Commentary: The Credible Conservative

March 25, 2012 by

Following the primary election held in Louisiana on Saturday one thing is abundantly clear; the race for the Republican Party presidential nomination is a two-man race. Though Rick Santorum was the big winner in Louisiana, Romney played well in Peoria on Tuesday with his equally impressive victory in Illinois. Neither candidate gained a majority of votes cast in either contest, but their wins were decisive. The other presidential candidates on the ballots were walloped.

Romney’s Problems on “Main Street”

March 6, 2012 by

In Republican voting so far this year, it has been evident that Mitt Romney can draw votes in metropolitan areas with their large numbers of well-off, well educated voters. But the Republican front-runner has struggled mightily in many states to win votes in rural areas and small towns, Main Street America if you will. The dynamic was first apparent with Romney’s virtual tie with Rick Santorum in Iowa. Santorum swept nearly two-thirds of the 99 counties, but Romney carried the five leading counties (in terms of the size of the Republican caucus vote).

Can Romney make a credible pivot to the center?

February 22, 2012 by

To secure the GOP nomination, former Gov. Mitt Romney has had to make a hard shift to the right to convince social, economic and foreign policy conservatives that he’s their guy and can be trusted to uphold their values in the general election against President Obama. The shift has been transparent and increasingly awkward for a politician who many consider to be personally awkward.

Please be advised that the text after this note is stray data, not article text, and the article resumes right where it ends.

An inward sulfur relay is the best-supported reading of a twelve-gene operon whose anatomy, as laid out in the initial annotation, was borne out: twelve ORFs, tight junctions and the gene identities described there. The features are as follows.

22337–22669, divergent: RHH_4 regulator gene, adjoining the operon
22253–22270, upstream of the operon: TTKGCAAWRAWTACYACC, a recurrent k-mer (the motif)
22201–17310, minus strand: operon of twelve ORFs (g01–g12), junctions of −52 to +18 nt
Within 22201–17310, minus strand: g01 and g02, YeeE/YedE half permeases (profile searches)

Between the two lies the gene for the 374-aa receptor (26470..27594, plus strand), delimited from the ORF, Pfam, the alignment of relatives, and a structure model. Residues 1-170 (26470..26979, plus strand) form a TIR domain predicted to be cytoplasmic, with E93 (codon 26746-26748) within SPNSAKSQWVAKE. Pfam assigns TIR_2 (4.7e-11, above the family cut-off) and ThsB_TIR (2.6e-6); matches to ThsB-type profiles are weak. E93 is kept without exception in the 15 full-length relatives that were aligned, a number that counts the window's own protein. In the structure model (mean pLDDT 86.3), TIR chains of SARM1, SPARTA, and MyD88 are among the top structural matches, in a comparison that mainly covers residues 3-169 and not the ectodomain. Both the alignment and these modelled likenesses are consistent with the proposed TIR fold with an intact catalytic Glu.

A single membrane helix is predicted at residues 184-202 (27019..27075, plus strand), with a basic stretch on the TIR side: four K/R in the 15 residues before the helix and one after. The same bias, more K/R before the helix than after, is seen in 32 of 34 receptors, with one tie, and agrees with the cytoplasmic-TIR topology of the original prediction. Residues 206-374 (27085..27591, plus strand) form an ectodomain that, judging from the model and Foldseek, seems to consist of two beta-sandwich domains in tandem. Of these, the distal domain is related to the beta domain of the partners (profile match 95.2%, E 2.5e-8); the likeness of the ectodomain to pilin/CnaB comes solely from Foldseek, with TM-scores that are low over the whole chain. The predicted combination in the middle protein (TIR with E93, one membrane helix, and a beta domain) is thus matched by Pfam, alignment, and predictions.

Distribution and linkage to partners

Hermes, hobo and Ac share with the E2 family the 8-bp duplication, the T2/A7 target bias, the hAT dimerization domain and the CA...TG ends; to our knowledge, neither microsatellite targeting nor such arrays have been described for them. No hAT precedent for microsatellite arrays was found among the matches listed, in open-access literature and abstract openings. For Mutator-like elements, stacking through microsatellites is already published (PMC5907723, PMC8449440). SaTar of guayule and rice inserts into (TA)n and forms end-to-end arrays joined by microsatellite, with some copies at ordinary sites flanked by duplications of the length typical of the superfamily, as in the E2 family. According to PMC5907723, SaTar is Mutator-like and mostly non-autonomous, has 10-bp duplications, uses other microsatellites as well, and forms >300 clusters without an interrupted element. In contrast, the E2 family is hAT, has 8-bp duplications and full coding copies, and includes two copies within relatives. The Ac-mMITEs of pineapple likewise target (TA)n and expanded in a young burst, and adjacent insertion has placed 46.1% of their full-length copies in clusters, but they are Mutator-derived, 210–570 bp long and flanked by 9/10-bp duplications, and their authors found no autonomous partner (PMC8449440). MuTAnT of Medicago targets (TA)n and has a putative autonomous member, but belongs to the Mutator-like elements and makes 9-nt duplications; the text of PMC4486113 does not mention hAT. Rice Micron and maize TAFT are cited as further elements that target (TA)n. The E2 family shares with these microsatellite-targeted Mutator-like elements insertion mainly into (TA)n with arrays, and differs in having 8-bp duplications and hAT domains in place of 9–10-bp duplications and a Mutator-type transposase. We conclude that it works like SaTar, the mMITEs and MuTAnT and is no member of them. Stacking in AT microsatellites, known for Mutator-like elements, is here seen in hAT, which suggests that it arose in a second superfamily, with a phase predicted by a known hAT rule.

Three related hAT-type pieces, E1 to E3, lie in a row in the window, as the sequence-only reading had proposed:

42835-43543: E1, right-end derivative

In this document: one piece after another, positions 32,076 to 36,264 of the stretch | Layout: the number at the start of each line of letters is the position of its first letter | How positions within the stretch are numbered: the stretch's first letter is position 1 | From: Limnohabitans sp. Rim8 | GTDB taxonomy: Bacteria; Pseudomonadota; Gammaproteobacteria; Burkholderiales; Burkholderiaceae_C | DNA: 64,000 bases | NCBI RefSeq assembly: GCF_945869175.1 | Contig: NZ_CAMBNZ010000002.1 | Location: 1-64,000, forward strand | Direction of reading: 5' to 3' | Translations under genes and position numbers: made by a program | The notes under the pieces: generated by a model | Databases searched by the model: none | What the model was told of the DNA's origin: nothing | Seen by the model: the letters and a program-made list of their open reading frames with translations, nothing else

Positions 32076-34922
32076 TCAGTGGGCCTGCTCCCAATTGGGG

The Straw that Broke the War on Women’s Backs

February 7, 2012 by

Last week, the United States saw the culmination of the GOP War on Planned Parenthood (also known as the War on Women) when the Susan G. Komen foundation, which supports breast health for women of all incomes, defunded and, 48 hours later, refunded Planned Parenthood. Komen had supported Planned Parenthood in delivering breast exams and breast health services to low-income women who would be otherwise unable to afford such care.

The Symbolism of the Keystone XL Pipeline

January 20, 2012 by

The Obama administration has rejected the application from TransCanada to build the Keystone XL pipeline—but without fanfare. If President Obama continues to quiet the issue when so many others are raising its volume level, he will miss a grand political opportunity for his reelection campaign and the U.S. environmental movement. Public policy concerns of such inherent symbolism come once in a generation.

South Carolina primary: can a divided Republican house unite around Romney?

January 19, 2012 by

By rights, Mitt Romney should be on the ropes. In the years leading up to the Republican presidential primaries, he supported small-l liberal positions on anything from abortion and gun control to climate mitigation and big spending stimulus packages. When he was governor of Massachusetts, he signed into law a healthcare plan not dissimilar to what Tea Partiers call “Obamacare.” He once even distanced himself from Ronald Reagan, something that amounts to heresy in conservative circles.

The aura of inevitability

January 18, 2012 by

Some presidential election campaigns will end here in South Carolina. The candidate or candidates will come to the realisation that they cannot win the Republican nomination, that their vision of America has not been accepted by the majority, and that despite the hopes and dreams, the hands shaken and the interviews given, that it is finally over. Jon Huntsman has already left the field, lacking money and supporters, his “ticket out of New Hampshire” not even good for a week.

On Exceptionalism and Deviance

January 15, 2012 by